In anger and impotence, thousands of Guatemalans came together for The National Strike (El Paro Nacional) on September 20. Marches were organized across the country in protest of a recent move by Congress to soften the legal punishment for corruption. Though the reform was ultimately unsuccessful, the marches called for the resignation of President Jimmy Morales—whose immunity was recently upheld amid charges alleging corruption—and the 107 congressmen who voted to modify the country’s penal code.
The legal reform sought to shift financial responsibility within political parties from the secretary-general to a lower-level accountant and allowed prison sentences of up to ten years to be interchangeable with payment of fines.
Opponents contend that such revisions essentially exempted political parties’ secretary-generals, who usually go on to be presidential candidates, from persecution if the party engages in illicit campaign financing. The reform is accused, therefore, of reducing sanctions for corruption. Both modifications were suspended by the Constitutional Court and then withdrawn by Congress after severe public pressure.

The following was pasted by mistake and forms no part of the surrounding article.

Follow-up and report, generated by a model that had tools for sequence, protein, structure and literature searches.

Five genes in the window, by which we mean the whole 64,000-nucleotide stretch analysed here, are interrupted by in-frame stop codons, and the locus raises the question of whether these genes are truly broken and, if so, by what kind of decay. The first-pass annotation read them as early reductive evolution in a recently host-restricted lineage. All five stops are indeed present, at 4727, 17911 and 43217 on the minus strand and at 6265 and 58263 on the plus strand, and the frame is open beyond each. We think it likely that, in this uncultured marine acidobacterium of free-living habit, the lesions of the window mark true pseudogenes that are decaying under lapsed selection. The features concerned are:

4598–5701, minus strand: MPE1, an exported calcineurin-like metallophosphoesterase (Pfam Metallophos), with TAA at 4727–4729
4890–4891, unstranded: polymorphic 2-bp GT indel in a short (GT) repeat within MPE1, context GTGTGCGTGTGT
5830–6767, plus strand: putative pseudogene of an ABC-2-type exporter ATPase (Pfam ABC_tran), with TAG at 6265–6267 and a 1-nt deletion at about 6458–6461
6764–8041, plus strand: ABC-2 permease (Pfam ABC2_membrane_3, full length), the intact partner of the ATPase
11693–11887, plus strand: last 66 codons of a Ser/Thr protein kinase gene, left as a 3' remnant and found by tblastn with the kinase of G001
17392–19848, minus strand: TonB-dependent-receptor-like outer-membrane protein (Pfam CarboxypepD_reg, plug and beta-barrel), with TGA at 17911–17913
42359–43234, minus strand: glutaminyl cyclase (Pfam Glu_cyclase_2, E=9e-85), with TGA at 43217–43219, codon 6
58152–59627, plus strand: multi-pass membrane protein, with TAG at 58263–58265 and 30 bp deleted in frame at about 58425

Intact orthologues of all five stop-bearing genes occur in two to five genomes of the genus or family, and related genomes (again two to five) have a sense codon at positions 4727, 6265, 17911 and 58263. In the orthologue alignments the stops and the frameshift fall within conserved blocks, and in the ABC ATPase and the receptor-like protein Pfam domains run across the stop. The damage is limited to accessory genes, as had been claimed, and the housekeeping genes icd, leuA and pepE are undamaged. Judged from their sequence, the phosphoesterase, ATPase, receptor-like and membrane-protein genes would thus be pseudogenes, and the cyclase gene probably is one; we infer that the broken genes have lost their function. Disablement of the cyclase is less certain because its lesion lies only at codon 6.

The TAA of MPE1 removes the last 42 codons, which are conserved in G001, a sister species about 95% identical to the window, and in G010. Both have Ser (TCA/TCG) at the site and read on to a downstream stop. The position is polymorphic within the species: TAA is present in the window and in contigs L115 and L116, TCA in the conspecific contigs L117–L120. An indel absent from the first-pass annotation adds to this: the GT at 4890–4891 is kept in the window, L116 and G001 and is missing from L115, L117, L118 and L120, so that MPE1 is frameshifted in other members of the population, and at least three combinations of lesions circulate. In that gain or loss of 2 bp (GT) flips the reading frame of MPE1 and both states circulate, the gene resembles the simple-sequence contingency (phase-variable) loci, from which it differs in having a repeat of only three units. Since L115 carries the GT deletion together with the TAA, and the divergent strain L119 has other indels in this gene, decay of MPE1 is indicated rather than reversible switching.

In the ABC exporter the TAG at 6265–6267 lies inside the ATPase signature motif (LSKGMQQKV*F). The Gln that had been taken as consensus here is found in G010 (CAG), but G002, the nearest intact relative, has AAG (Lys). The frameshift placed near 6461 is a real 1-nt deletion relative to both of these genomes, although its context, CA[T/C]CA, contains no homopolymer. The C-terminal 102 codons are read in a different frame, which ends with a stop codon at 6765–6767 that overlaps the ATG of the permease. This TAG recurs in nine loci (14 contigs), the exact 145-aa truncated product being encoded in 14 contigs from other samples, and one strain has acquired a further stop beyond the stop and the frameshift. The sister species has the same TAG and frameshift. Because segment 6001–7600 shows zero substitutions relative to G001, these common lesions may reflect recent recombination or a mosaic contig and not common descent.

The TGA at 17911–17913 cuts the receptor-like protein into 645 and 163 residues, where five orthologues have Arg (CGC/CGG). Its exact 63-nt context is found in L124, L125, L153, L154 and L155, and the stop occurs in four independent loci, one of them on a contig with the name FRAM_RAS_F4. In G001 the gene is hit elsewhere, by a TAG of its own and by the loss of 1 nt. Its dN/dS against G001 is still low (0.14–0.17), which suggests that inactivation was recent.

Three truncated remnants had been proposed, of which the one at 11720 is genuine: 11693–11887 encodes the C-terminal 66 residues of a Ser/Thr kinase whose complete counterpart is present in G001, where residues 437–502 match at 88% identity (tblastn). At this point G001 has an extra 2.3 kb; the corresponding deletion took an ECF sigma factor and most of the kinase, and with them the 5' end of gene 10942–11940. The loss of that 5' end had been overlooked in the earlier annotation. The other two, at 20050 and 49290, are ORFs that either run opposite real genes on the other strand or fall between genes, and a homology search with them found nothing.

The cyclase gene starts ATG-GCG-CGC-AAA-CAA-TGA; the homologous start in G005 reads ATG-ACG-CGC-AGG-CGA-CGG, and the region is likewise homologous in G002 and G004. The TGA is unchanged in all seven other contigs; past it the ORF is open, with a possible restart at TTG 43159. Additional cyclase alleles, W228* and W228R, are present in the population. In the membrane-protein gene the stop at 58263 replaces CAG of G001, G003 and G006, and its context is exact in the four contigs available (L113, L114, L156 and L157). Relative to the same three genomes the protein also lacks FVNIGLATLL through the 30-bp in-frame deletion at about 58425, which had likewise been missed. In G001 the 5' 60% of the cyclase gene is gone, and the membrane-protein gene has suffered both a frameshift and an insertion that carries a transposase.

The reform proposal came at a tumultuous time for Guatemalan politics. Morales, who served as secretary-general for the National Convergence Front before running for president in 2015, was accused earlier this year of exactly the same crime that the reform would have altered. The Public Ministry and the United Nations’ International Commission against Impunity in Guatemala (CIGIG) filed charges against Morales for supposedly financing his campaign with unregistered, anonymous funds.
The investigation was dropped when Congress voted to maintain the president’s immunity in early September 2017 but not before Morales spurred controversy by attempting to expel the CIGIG’s head, Ivan Velazquez, from the country.
Morales stood before the United Nations General Assembly on September 19 and assured them that the Guatemalan government was ‘‘fully committed to the fight against corruption and impunity.’’
In response, protesters flooded the streets of Guatemala City in a united front, demanding accountability from their president the following day.